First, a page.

Editor’s note: In this two-part series, IT pro Ashraf Al-Dabbas (VCP, ITIL® v3 Certified, 3X MCSE, MCITP) shares some of the key lessons he’s learned during his first 10 years working in the industry. Want to ask him a question to address on our blog? Submit yours by filling out the form here or emailing firstname.lastname@example.org.
At turning points in your personal or vocational life, it’s normal to reflect on the progress you’ve made and your goals for the future. I recently started a new job, my first external career move in nine years. Changing jobs is one of those times for reflection, as new colleagues force you to come up with answers for questions like, “What have you been doing?” Or, “Why did you take each move in your career so far?”
These reflections can be a good source for tips for soon-to-be graduates or career-changers considering a job in the IT industry. I want to share my insights with you in a three-part series, the first of which will help you know what to expect from your first IT job and how to start looking for it.
You need to at least like IT
It hurts me when I meet people in this industry who don’t really like IT and only got into the field because they thought it could be a source of good income and there was demand in the market. People who don’t choose IT for the right reasons will probably be unhappy and less likely to be able to do what is needed to succeed.
You will spend most of your IT career solving problems—problems that usually are not easy to solve. They’ll need research, creativity and persistence. If you like IT and enjoy doing it, time will pass by without you even noticing it, and you will have the will to carry forward until the issue is resolved, even if that means staying up all night or missing meals. If you don’t enjoy doing it, these problems will become tedious.
Maybe not everybody is lucky enough to do what they like in life, but do not make your life miserable by doing something that you know you do not like. It will affect your attitude, and in the IT business, attitude is everything.
You cannot be a lone wolf
A lot has been written about the importance of social networking in finding good jobs in IT, and nobody can argue against its effectiveness. However, nothing beats warm personal interaction and building friendly in-person relationships. Almost all good opportunities I have gotten so far have come my way through somebody I knew: a coworker, a customer or someone with whom I took a course. Display good skills, do a great job, and be nice to people, and you will secure your next break.
It’s widely known that most good positions are filled before they are announced and most jobs have hundreds of applicants. It is hard to stand out in this huge crowd, and a recruiting manger will not give each resume enough time to analyze it. Even worse, most recruiters rely on software that uses word-matching to short-list a limited number of resumes, and your chance to be among this group is tremendously improved if you know someone (or know someone who knows someone) who can convince a recruiting manager to actually read your resume.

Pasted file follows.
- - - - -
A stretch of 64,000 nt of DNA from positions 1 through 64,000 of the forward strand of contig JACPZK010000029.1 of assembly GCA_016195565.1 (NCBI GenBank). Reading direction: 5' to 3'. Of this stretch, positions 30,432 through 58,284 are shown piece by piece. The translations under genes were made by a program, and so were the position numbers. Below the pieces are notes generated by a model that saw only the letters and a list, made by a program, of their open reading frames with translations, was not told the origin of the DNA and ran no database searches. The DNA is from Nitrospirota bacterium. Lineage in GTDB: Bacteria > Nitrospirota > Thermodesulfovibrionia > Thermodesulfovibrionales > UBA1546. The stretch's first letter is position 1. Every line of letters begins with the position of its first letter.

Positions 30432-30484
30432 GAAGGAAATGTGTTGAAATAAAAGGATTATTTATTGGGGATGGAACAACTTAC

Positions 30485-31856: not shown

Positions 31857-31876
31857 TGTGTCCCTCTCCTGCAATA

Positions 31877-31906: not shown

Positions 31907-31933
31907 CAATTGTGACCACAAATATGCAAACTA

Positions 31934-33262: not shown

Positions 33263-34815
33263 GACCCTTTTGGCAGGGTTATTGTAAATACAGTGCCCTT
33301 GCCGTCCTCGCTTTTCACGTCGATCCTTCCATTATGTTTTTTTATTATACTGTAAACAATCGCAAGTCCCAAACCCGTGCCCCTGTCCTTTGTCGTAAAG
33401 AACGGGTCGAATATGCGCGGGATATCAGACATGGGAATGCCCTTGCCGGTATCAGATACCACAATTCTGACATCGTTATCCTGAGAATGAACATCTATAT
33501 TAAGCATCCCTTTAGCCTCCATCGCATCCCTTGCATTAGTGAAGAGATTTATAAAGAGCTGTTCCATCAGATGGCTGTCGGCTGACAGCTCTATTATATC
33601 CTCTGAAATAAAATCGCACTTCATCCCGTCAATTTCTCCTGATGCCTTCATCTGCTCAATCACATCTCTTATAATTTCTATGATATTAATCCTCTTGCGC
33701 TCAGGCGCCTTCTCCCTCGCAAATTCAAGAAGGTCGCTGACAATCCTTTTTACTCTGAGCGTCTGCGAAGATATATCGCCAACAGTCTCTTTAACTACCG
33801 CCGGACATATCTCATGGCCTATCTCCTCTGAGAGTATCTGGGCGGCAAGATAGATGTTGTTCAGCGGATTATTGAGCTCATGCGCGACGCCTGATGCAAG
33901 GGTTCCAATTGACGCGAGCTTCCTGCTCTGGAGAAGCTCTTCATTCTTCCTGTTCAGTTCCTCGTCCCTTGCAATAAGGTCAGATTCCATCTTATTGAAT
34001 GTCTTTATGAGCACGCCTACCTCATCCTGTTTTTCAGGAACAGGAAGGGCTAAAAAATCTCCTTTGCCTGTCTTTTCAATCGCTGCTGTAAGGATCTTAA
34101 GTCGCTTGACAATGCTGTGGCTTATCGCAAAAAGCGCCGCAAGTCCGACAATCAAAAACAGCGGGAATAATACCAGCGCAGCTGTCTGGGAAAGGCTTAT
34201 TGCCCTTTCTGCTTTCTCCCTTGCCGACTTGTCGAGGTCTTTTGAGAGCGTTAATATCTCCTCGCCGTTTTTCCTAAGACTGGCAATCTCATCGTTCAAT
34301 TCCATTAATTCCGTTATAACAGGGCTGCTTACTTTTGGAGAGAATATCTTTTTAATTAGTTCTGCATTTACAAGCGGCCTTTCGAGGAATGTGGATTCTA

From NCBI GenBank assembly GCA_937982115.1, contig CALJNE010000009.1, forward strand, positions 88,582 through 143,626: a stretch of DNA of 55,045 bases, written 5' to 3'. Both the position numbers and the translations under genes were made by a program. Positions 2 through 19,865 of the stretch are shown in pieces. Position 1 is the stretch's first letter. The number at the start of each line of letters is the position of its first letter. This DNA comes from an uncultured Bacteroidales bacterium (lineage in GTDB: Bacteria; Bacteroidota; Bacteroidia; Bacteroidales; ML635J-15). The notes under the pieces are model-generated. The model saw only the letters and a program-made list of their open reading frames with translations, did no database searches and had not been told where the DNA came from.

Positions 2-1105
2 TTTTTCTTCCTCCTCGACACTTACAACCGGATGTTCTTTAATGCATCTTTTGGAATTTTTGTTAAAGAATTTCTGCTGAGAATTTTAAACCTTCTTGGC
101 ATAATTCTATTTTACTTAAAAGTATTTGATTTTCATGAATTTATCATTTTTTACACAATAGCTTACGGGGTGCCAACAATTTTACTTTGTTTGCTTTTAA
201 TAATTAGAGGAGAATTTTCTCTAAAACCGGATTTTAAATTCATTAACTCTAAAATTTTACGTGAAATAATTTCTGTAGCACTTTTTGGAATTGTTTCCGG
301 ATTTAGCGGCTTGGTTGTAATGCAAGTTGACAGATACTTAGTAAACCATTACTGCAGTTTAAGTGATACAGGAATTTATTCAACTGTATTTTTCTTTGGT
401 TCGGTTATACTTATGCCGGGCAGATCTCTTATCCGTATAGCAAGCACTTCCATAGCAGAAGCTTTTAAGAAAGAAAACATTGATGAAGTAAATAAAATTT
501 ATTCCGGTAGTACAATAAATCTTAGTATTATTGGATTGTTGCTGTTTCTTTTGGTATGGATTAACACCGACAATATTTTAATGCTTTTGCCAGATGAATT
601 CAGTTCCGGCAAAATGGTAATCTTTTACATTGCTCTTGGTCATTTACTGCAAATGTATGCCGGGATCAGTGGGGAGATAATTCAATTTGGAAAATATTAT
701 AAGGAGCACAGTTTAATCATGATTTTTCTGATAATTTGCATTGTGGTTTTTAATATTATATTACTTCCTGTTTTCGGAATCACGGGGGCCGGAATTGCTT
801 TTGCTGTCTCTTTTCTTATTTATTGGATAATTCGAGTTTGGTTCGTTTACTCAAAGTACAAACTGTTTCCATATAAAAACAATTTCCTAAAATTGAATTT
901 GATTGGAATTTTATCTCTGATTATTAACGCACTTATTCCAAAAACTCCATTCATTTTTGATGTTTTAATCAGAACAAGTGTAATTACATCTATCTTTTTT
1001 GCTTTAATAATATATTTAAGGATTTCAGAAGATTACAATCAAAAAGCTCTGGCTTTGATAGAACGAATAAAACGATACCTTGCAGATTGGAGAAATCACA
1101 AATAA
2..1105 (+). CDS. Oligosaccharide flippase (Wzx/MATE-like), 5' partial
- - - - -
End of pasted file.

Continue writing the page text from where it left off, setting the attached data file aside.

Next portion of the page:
Once you are hired, your support network is what helps you succeed. Nothing is more important than that friend who can teach you an urgently required skill on short notice. A friend in need is a friend indeed, and you need to believe that what goes around comes around.
For example, you may not be good at writing scripts, but your friend is, and another friend may ask you for help with his spam issue. I do not let a friend down, and my friends never let me down. Some may give me more than I can give, while others seem to need my help more often than I need theirs. In the end, things have a way of balancing each other out.
Get some experience before settling on a career path
As a fresh graduate, having some experience will help your resume, but more importantly, it will help you chose your career path and set your goals. It will help you test the water before you dive into the deep sea of IT, and it will tell you what role in the IT industry you are more fit to fill.
How can someone get experience before even starting to hunt for a job? If you can secure a good internship, that’s an excellent point to start. But in many parts of the world, internships are not available or not very useful, so find other alternatives to build some experience.
Personally, I did part-time jobs and some freelance small jobs before I graduated, most of which were not even covering their costs, but they were fun to do and taught me a lot of useful skills. It was really useful to learn early on to deal with customers, take responsibility and master time- and resource-management. More often than not, this will help you secure your first job after you graduate.
Be prepared to start small
You need to start somewhere, and usually a fresh graduate will have to start small. But always stay determined. My first full-time job was in a five-person company that did not pay me much at all, but I still enjoyed my time there because I liked the nature of the work they were doing.
Before the end of the year, I moved to a large enterprise that paid me more than double what I was making at my first job. The little time I spent at that SMB helped me stand out in the large enterprise since it taught me how to take responsibility and claim ownership of tasks. I was soon recognized as a prospective leader and as someone who was not afraid of suggesting new and innovative ideas.
Now that you understand the first step into launching your IT career, stay tuned for Part 2 on how to make it a success.